There are cupboards and drawers in my flat I hardly ever open. They are like some colonial outpost on a god-forsaken steppe that even the local district officer has forgotten. They are home to things I no longer use, relics of a former life that now resides at the bottom of closets or the top cupboard shelves. The stoneware Matthew and I lugged back from a trip to Ireland. Playing cards emblazoned with figures from the French Revolution. Back issues of Gourmet Magazine. The fish poacher. Stuff.
Matthew believed that you could never have enough storage space, so when he designed the renovations to the flat he put in closets wherever he could: banks of cabinets on the two walls of the galley kitchen, wall-to-wall closets in the bedroom naturally, the usual cupboards in the bathroom and utility rooms. And then the more unusual ones, like the cupboard which was built in front of the main bay of pipes for the heating system and whose upper shelves had a depth of only five inches. The similarly shallow drawer that sat below the shelves and opened just enough to slide a hand into, and that with some difficulty.
At first I thought we’d never use all this storage space. But we did. Even the five-inch drawer began to fill with erasers and rubber bands, rolls of adhesive tape and a small bowl that, like a drawer within a drawer, came to be filled, too this time with one- and two-cent coins.
Stuff accumulated. Some of the objects arrived in the hands of guests, salt-and-pepper shakers and good-luck charms, Indonesian shadow puppets and wooden salad bowls. Others were purchased out of need or whimsy (however did we acquire the miniature barn that was meant to store bread but which remained bereft of inhabitants?) Still others were bought on impulse, like the set of oversized soup tureens that were used for a single bouillabaisse supper, or testified to an abandoned interest, the be-bop recordings and sake cups of a short-lived enthusiasm that was soon extinguished.
The contents of the flat are like the finds of an archaeological dig, though one deposited horizontally across cabinets and drawers instead of vertically in layers of sediment. The ramekins and poker chips spoke to a time when Matthew and I did a lot of entertaining, before he drifted away to spend his evenings down in his office hunched over his computer with delivery souvlaki. The 3 x 3 mat, folded and stored on a top shelf at the back of the bedroom closet, was witness to a later time, after Matthew left of course, my time with Wacław.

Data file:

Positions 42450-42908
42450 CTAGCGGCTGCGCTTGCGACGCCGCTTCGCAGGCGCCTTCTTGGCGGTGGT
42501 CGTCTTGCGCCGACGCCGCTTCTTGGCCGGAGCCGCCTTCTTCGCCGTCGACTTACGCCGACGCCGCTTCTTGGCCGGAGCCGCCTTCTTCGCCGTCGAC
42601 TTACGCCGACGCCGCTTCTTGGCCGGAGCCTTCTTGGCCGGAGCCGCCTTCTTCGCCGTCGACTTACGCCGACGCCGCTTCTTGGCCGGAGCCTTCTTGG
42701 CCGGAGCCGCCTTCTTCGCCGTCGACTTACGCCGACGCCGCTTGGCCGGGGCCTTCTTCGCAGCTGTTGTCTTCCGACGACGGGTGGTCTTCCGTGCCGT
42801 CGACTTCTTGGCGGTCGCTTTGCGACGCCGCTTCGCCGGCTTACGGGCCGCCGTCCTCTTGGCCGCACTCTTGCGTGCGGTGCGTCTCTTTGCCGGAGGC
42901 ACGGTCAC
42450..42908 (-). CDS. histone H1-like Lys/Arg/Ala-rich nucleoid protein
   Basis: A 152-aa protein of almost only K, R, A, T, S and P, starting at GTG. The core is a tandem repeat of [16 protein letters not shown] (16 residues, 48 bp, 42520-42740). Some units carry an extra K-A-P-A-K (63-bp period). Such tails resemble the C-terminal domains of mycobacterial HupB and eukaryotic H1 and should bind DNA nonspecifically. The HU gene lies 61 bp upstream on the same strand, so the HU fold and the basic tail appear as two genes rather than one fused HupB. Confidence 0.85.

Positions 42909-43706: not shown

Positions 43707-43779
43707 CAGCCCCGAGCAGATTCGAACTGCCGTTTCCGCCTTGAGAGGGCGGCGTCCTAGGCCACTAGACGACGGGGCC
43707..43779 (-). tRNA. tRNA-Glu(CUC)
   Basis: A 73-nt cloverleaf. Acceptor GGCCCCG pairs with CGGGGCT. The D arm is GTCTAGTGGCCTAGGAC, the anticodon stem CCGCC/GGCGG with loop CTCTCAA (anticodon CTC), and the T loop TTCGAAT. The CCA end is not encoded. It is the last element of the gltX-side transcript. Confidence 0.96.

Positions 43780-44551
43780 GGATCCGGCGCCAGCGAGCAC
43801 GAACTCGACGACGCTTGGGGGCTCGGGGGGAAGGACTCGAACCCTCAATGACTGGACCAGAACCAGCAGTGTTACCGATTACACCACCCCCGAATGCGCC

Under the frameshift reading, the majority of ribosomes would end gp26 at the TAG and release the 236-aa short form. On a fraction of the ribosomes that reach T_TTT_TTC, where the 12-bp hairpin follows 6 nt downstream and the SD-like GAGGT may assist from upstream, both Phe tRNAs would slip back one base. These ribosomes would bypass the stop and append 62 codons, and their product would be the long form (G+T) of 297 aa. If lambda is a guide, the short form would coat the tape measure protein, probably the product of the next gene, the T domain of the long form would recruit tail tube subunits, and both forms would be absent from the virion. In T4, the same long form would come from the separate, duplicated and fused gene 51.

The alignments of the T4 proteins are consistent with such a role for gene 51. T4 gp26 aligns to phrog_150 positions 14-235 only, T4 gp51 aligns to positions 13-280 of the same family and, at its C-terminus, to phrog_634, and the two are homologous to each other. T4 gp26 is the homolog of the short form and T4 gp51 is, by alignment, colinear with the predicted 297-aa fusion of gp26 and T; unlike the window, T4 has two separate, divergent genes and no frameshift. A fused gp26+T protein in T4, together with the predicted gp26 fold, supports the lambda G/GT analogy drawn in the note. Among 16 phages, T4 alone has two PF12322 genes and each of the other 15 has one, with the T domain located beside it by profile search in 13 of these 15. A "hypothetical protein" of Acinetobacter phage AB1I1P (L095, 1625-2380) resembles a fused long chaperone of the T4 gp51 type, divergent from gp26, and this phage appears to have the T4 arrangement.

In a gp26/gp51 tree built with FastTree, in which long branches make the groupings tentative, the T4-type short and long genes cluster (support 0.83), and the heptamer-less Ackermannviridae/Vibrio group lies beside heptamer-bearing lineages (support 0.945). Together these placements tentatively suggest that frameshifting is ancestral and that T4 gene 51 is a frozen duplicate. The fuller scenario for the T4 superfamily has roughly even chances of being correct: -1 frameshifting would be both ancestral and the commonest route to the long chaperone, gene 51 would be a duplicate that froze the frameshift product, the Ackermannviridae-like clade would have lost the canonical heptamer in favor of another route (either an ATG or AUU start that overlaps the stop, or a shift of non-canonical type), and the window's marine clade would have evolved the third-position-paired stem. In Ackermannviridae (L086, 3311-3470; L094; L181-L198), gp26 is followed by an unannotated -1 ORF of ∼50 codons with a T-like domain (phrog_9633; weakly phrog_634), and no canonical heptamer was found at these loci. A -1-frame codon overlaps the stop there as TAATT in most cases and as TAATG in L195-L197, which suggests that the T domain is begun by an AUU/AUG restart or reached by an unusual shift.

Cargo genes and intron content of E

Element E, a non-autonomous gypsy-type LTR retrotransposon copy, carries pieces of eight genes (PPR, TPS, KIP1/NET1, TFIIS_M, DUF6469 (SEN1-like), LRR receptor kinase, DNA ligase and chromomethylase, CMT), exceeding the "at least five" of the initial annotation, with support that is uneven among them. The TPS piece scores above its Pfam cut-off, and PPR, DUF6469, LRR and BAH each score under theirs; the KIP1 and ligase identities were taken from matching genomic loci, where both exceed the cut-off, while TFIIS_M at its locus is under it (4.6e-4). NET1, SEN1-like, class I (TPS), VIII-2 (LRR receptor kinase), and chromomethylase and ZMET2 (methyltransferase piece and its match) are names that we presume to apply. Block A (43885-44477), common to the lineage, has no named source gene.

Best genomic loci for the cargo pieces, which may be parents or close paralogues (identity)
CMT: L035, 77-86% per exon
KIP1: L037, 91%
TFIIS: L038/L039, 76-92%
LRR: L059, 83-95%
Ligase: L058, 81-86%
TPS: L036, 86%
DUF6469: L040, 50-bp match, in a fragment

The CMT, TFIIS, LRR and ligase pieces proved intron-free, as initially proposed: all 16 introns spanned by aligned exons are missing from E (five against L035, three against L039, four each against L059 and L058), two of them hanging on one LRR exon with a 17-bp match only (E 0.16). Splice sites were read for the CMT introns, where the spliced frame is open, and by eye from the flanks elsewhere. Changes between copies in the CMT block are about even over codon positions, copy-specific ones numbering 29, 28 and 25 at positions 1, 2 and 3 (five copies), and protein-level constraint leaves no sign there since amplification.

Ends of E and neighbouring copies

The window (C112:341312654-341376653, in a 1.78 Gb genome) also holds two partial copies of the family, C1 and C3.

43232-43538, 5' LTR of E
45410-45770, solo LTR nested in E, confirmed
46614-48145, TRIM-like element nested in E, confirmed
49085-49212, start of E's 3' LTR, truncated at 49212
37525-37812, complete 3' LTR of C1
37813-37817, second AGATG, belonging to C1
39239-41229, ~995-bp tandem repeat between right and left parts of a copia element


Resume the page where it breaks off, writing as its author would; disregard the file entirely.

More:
I was up on a stool the other day rummaging through the top shelf of the cupboard above the washing machine, looking for the extra plate rack for the dishwasher that I knew I had stored there. It was all the way in the back, behind a platoon of vases and Mason jars and what was left of Matthew’s sour cherry brandy liqueur.
The liqueur had long been drunk and only the cherries remained, small wrinkled marbles the color of dried blood. The juice had leached out of the cherries to leave a thin wrap of slightly bitter fruit around the pit. In the early years after Matthew left I would occasionally eat a few, sprinkled over ice cream or dropped in a sauce for sautéed pork medallions. But they always reminded me too much of my life with Matthew.
Matthew didn’t cook. He mounted food productions. Complex, time-consuming projects he would He’d only make okra when he could find the tiny young pods that arrive in the markets at the very beginning of the season. He’d buy a kilo of okra and sit at the table the entire morning trimming the stem end of each pod into a perfect cone and then lay them on a baking sheet which he’d then sprinkle with vinegar and set out in the sun to coax out the mucilage. November marked the start of preparations for his annual Christmas fruitcake, which was launched with a trip to the spice shops in the old market district, now frequented only by pensioners, Arabs and cooks, to find candied orange and citron peel.